On 6 April, the quality requirements that pension schemes being used for automatic enrolment (“qualifying schemes”) must meet are changing.
DC schemes – what’s changing?
At present, for a DC scheme to be a qualifying scheme:
- The employer must make a contribution of at least 2% of the worker’s qualifying earnings.
- The total contributions paid by the employer and the worker must be at least 5% of the worker’s qualifying earnings.
From 6 April, the minimum employer contribution will rise to 3% and the minimum total contribution will rise to 8%.
Qualifying earnings are broadly gross earnings including salary/wages, commission, bonuses, overtime, and statutory maternity, paternity, adoption and sick pay between £6,136 and £50,000 (2019/20 figures). Where pensionable pay under a scheme is based on something other than qualifying earnings, employers can choose to satisfy one of three sets of alternative contribution requirements. Pensionable pay will vary from scheme to scheme and will be defined in the scheme’s rules, but typically only includes basic pay. These alternative contribution requirements will also increase from 6 April.
DB schemes – what’s changing?
Before the abolition of contracting-out, a DB scheme was a qualifying scheme if it was contracted-out. When contracting-out was abolished in 2016, a new test was introduced under which a DB scheme must meet a prescribed cost-of-accruals test. This test must be met at either a scheme-wide level or, where there is a material difference in the cost of providing benefits for different groups of members, for each group of members.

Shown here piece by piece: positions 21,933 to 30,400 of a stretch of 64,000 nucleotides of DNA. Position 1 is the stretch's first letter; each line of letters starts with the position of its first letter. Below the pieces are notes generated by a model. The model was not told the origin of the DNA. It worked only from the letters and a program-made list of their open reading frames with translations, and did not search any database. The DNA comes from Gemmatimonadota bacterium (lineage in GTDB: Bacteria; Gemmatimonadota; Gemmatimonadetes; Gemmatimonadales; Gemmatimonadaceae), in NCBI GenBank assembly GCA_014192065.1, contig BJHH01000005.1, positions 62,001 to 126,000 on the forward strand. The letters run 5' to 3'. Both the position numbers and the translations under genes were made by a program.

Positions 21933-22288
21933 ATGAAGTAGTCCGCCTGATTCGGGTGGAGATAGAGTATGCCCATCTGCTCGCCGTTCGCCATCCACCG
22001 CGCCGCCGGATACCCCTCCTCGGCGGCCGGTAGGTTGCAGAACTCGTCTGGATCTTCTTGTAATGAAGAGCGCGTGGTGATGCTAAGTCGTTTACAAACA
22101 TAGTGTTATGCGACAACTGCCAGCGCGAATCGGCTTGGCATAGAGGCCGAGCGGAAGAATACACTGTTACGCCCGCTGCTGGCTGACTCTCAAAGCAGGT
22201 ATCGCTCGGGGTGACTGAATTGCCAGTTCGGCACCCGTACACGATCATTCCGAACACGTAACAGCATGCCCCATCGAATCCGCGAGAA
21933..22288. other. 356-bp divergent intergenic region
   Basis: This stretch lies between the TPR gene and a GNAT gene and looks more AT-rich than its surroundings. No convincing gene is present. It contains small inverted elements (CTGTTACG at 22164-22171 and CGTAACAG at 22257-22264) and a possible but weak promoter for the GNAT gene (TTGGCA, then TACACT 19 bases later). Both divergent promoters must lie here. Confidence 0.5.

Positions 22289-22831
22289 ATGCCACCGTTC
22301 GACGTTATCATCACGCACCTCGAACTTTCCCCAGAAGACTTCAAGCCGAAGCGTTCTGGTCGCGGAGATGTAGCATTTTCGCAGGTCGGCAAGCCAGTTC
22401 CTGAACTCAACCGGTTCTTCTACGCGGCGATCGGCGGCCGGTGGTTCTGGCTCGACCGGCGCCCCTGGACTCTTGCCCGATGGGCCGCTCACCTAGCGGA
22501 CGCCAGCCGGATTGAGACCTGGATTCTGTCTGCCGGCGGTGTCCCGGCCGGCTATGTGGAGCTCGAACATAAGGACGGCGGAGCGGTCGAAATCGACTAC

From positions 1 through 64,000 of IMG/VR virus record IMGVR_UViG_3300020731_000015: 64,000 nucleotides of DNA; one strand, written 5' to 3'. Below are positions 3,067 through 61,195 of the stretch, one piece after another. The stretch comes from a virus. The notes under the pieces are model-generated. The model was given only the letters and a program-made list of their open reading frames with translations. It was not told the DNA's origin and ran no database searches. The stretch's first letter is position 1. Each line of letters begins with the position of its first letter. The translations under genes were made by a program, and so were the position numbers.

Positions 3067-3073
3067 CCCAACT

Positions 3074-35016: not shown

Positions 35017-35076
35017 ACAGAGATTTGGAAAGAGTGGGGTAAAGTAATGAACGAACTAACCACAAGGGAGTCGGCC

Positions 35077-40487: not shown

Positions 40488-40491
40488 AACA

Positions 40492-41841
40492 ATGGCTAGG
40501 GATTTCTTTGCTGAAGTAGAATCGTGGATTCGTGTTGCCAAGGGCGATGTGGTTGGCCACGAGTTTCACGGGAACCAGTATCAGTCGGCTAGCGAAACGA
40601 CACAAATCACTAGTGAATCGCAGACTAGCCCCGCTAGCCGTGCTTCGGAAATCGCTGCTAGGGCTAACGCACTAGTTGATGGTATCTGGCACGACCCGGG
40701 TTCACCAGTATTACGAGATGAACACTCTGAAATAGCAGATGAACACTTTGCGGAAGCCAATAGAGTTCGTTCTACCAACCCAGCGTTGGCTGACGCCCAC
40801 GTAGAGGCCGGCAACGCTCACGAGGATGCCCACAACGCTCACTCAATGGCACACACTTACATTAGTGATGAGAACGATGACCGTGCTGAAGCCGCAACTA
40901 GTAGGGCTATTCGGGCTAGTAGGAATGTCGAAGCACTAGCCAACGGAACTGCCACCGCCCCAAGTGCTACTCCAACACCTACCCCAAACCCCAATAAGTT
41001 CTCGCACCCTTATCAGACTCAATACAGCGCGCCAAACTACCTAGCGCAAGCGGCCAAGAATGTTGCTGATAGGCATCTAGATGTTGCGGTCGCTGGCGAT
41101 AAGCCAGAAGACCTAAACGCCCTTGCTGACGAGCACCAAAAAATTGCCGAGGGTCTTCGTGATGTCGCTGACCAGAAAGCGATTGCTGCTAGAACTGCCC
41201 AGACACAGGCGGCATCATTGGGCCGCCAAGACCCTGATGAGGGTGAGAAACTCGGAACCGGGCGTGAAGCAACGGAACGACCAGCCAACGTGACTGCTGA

However, a transitional easement allows schemes which were contracted-out at the time of abolition to apply the test at a scheme-wide level, even if there is a material cost difference, provided the scheme has not made any rule amendments which would mean it ceased to satisfy the contracting-out requirements had they still been in force. This easement expires on 5 April.
Alternative quality requirements also apply to DB schemes – these will remain unchanged.
What do employers need to do?
Employers should check that the pension scheme they use for automatic enrolment will continue to meet the relevant quality requirements from 6 April. If changes need to be made to the scheme to meet the new requirements, the employer should speak to the scheme trustees about these urgently.